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(Trans. Alfred J. Freddoso)


The Force of Human Law



Should human law suppress all vices?


It seems that human law should suppress (cohibere) all vices:


Objection 1:  In Etymologia Isidore says, “Laws have been made in order that boldness might be held in check by fear of them.”  But boldness would not be adequately held in check if not every evil were prohibited by the law.  Therefore, human law should suppress every evil.


Objection 2:  The lawmaker’s intention is to make the citizens virtuous.  But no one can be virtuous unless he is held back from all vices.  Therefore, human law should suppress all vices.


Objection 3:  As was explained above (q. 95, a. 2), human law stems from the natural law.  But all vices are opposed to the law of nature.  Therefore, human law should suppress all vices.


But contrary to this:  De Libero Arbitrio 1 says, “It seems to me that the law written for ruling the people rightly permits those things and that God’s providence punishes them.”  But God’s providence does not punish anything except vices.  Therefore, human law rightly permits certain vices by not suppressing them.


I respond:  As has already been explained (q. 90, a. 1-2), law is posited as a certain rule or measure of human acts.  Now as Metaphysics 10 says, a measure must homogenous with what it measures, since diverse things are measured by diverse measures.  Hence, it must also be the case that laws are imposed on men according to their condition.  For as Isidore says, “The law must be possible both according to nature and also according to the customs of the country.”
Now the power or ability to act proceeds from an interior habit or disposition, and it is not the case that the same thing is possible for both someone who is virtuous and someone who lacks the habit of the virtue, just as it is not the case that the same thing is possible for both a boy and a grown man.  It is for this reason that the law made for children is not the same as the law made for adults; for many things are permitted to children which are punished by law or even vilified in adults.  Similarly, many things are permitted to men who are not perfected in virtue which would not tolerable in virtuous men.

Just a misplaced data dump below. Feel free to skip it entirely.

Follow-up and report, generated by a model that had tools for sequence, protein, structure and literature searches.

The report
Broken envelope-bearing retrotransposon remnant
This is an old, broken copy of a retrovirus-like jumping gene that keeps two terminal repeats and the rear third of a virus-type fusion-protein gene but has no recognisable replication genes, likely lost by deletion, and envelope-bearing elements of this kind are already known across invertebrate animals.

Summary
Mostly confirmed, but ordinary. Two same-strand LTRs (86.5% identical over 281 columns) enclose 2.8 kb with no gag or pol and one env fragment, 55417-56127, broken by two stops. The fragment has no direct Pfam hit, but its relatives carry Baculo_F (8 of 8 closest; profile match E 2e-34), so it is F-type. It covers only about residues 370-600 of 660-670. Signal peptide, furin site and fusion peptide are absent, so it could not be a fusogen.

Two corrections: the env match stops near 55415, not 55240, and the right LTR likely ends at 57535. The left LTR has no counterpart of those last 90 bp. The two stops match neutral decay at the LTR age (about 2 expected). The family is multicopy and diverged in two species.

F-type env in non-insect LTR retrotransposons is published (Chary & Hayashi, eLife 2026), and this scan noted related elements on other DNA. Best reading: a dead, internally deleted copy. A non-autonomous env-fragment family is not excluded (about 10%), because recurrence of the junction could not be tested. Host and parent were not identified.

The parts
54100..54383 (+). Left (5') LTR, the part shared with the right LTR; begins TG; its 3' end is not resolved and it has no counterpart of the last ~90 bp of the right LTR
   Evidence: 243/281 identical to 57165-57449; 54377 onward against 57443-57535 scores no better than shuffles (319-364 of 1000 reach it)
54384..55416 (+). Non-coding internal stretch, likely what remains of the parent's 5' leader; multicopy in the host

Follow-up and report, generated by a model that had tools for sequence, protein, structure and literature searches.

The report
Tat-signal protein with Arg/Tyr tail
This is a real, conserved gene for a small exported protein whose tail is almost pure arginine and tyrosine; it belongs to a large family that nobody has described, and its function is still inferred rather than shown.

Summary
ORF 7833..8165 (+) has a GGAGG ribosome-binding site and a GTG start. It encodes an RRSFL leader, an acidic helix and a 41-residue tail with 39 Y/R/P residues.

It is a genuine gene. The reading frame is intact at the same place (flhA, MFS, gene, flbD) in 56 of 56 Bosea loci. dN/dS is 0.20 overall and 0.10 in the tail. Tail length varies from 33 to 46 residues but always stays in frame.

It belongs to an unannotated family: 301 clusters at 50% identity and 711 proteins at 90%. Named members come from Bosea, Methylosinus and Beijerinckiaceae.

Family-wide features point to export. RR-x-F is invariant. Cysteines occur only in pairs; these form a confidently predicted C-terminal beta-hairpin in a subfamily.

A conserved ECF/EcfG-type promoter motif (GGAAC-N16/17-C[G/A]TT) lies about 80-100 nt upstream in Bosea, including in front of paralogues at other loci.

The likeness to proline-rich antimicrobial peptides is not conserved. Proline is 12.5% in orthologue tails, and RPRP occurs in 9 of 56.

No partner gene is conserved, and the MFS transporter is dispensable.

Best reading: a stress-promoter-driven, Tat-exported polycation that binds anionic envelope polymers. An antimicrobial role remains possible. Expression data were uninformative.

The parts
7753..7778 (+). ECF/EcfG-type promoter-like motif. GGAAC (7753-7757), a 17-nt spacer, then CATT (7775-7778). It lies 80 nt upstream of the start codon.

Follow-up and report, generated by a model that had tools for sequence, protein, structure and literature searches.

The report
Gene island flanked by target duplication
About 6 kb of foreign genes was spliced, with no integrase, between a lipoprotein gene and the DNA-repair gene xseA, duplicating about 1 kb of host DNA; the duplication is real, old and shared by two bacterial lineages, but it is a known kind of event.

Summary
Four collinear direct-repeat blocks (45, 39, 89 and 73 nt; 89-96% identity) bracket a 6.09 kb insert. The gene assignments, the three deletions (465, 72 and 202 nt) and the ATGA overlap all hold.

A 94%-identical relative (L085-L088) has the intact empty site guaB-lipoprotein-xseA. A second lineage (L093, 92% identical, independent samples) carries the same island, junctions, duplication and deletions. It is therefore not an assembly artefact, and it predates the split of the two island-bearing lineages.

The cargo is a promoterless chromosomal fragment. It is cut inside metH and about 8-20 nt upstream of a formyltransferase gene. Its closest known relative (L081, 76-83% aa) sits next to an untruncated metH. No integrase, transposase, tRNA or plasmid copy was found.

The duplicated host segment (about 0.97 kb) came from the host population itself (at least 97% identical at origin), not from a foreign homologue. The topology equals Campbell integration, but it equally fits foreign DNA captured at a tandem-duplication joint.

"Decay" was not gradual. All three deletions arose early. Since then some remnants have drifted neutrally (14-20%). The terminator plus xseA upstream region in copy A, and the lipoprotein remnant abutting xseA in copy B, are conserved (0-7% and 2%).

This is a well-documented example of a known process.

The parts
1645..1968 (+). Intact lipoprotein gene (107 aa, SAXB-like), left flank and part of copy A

Now human law is made for the multitude of men, and the greater part of this multitude consists of men who are not perfected in virtue.  And so not all the vices from which virtuous men abstain are prohibited by human law.  Instead, the only vices prohibited are the more serious ones, which it is possible for the greater part of the multitude to abstain from—especially those vices which are harmful to others and without the prohibition of which human society could not be conserved.  For instance, homicide and theft and other vices of this sort are prohibited by human law.


Reply to objection 1:  ‘Boldness’ here has to do, it seems, with attacks against others.  Hence, it mainly oncerns those sins by which injury is inflicted on one’s neighbors.  As has been explained, these are the sins prohibited by human law.


Reply to objection 2:  Human law has the intention of leading men to virtue—but leading them gradually and not all at once.  And so it does not immediately impose upon the multitude of imperfect men what is already characteristic of virtuous, viz., that they abstain from every evil.  Otherwise, those who are imperfect, unable to bear precepts of the sort in question, would erupt into worse evils—this according to Proverbs 30:33 (“He who violently blows his nose brings forth blood”) and Matthew 9:17 (“If new wine” (read:  the precepts of the perfect life) “is put into old wineskins” (read:  into imperfect men), “then the wineskins burst and the wine runs out” (read: the precepts are despised and out of contempt the men erupt into worse evils).)


Reply to objection 3:  The natural law exists in us as a certain participation in the eternal law, but human law falls short of the eternal law.  For in De Libero Arbitrio 1 Augustine says, “This law which is imposed to rule the civil communities allows and leaves unpunished many things that will be punished by God’s providence.  Nor is it the case that because this law does not do all things, it should be blamed for the things it does do.”  Hence, human law likewise cannot prohibit everything that the law of nature prohibits.





I-II, q. 90, The Essence of Law

I-II, q. 91, The Different Kinds of Law

I-II, q. 92, The Effects of Law


Eternal law

I-II, q. 93, Eternal Law

Natural law

I-II, q. 94, The Natural Law

Human law

I-II, q. 95, Human Law

I-II, q. 96, The Force of Human Law

I-II, q. 97, Changes in Human Law

The old law

I-II, q. 98, The Old Law

I-II, q. 99, The Precepts of the Old Law

I-II, q. 100, The Moral Precepts of the Old Law

I-II, q. 101, The Ceremonial Precepts of the Old Law in Themselves

I-II, q. 102, The Causes of the Ceremonial Precepts

I-II, q. 103, The Duration of the Ceremonial Precepts

I-II, q. 104, The Judicial Precepts of the Old Law

I-II, q. 105, The Nature of the Judicial Precepts

The new law

I-II, q. 106, The Law of the Gospel, called the New Law, in Itself

I-II, q. 107, The Relation between the Old Law and the New Law

I-II, q. 108, The Contents of the New Law